I'll not endorse any particular brand but you can find mini steppers on Ebay, tax and shipping free. Read the user reviews on Amazon to find a brand you think you can trust.
A pudgy high-school kid who likes classical music isn’t bound for much of a social life, especially in the photogenic wilds of Fairfield County, Connecticut. Fortunately for Byron Nilsson, there was salvation. It came in the form of an LP he swiped from a radio station in nearby Danbury, an album on the back of which one song title was scribbled out, with the added inscription: “NOT SUITABLE FOR AIRPLAY.” The album was “Noël Coward in Las Vegas.” The song was “Uncle Harry.” The lyrics were mildly suggestive.
That Coward album – and a book of Tom Lehrer songs and recordings by Flanders & Swann – inspired a love of well-crafted light verse. Which means it rhymes. And can get a delightfully nasty before you realize it. Byron not only enjoyed those songs, he learned them. His social life didn’t improve, but he gained a measure of frightened respect.
“Rhyme on My Hands” is the latest excuse for a cabaret performance by Byron and his longtime musical director, Malcolm Kogut, spinning the fantastic story of how he weathered a life of scorn and heartache in order to sing these songs for you. Songs like “Lydia the Tattooed Lady,” “The Irish Ballad,” “The Sloth,” and “The Butler’s Song” will liven the proceedings.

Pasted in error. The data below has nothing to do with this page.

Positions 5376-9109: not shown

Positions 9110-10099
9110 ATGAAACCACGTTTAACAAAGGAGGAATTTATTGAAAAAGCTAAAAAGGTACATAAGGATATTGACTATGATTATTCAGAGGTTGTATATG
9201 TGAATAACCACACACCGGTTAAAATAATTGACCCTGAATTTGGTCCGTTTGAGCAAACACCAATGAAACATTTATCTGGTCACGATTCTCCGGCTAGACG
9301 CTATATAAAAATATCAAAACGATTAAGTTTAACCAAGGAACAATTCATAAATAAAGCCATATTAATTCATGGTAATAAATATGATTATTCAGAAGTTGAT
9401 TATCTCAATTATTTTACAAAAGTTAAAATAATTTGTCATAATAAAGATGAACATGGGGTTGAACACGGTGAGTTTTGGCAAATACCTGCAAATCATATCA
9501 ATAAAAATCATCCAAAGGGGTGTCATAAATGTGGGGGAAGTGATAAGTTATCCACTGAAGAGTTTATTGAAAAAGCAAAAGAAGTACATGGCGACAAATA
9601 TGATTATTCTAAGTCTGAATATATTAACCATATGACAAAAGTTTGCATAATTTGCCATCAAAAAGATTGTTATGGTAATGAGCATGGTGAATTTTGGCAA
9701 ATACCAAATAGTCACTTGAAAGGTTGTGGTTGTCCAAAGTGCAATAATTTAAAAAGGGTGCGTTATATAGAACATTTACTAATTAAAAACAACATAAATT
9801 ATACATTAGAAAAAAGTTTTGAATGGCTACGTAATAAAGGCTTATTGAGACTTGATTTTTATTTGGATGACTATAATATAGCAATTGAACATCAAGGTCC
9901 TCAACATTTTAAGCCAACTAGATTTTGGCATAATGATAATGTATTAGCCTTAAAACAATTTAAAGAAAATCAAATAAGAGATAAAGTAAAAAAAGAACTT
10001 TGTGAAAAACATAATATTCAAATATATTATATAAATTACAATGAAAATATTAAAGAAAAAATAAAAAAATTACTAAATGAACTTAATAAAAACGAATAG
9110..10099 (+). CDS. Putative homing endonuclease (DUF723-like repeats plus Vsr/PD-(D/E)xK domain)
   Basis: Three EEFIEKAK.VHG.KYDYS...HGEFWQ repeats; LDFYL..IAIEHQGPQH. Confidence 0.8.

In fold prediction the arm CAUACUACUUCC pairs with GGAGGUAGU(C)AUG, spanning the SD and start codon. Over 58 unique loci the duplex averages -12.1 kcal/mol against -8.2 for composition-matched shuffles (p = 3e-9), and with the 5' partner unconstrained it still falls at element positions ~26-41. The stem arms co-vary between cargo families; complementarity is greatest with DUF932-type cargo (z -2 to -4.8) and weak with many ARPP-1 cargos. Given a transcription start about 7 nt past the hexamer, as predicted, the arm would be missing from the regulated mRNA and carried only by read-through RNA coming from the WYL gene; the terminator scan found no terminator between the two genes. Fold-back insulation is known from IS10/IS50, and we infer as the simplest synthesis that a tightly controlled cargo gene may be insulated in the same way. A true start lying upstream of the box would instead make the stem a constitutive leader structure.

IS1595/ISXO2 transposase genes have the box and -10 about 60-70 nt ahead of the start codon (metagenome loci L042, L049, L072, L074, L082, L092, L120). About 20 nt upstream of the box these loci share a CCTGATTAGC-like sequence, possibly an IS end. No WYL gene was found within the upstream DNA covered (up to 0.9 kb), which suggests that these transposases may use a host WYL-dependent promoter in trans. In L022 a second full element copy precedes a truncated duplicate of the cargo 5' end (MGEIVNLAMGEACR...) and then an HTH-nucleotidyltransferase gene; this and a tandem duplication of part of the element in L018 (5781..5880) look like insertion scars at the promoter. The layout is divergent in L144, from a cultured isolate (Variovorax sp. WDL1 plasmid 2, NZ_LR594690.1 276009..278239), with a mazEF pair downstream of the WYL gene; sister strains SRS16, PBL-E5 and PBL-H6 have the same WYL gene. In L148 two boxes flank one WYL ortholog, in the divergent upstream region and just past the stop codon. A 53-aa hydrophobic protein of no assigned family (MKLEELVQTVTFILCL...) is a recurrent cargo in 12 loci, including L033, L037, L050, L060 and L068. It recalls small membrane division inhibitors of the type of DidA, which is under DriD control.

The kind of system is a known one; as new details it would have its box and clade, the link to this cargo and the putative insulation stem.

The show takes place at 3 PM Sunday, January 2016, at the legendary Caffè Lena (47 Phila Street, Saratoga Springs) and tickets are available at brownpapertickets.com or by calling 1-800-838-3006. Their recent Valentine’s Day and Christmas shows played to sold-out houses, so they’re hoping they can inveigle an audience once more. Warm yourself on a chilly afternoon – or come see this show!
I had heard of and seen pictures of the fabled Sprakers Falls but couldn't verify their existence or location from any online source. Internet searches only yielded that the waterfall is rumored to be near the town of Sprakers or is "lost."
My friend Doug searched a topo map and upon further investigation of drone maps, they helped me to discern where I thought the falls to be.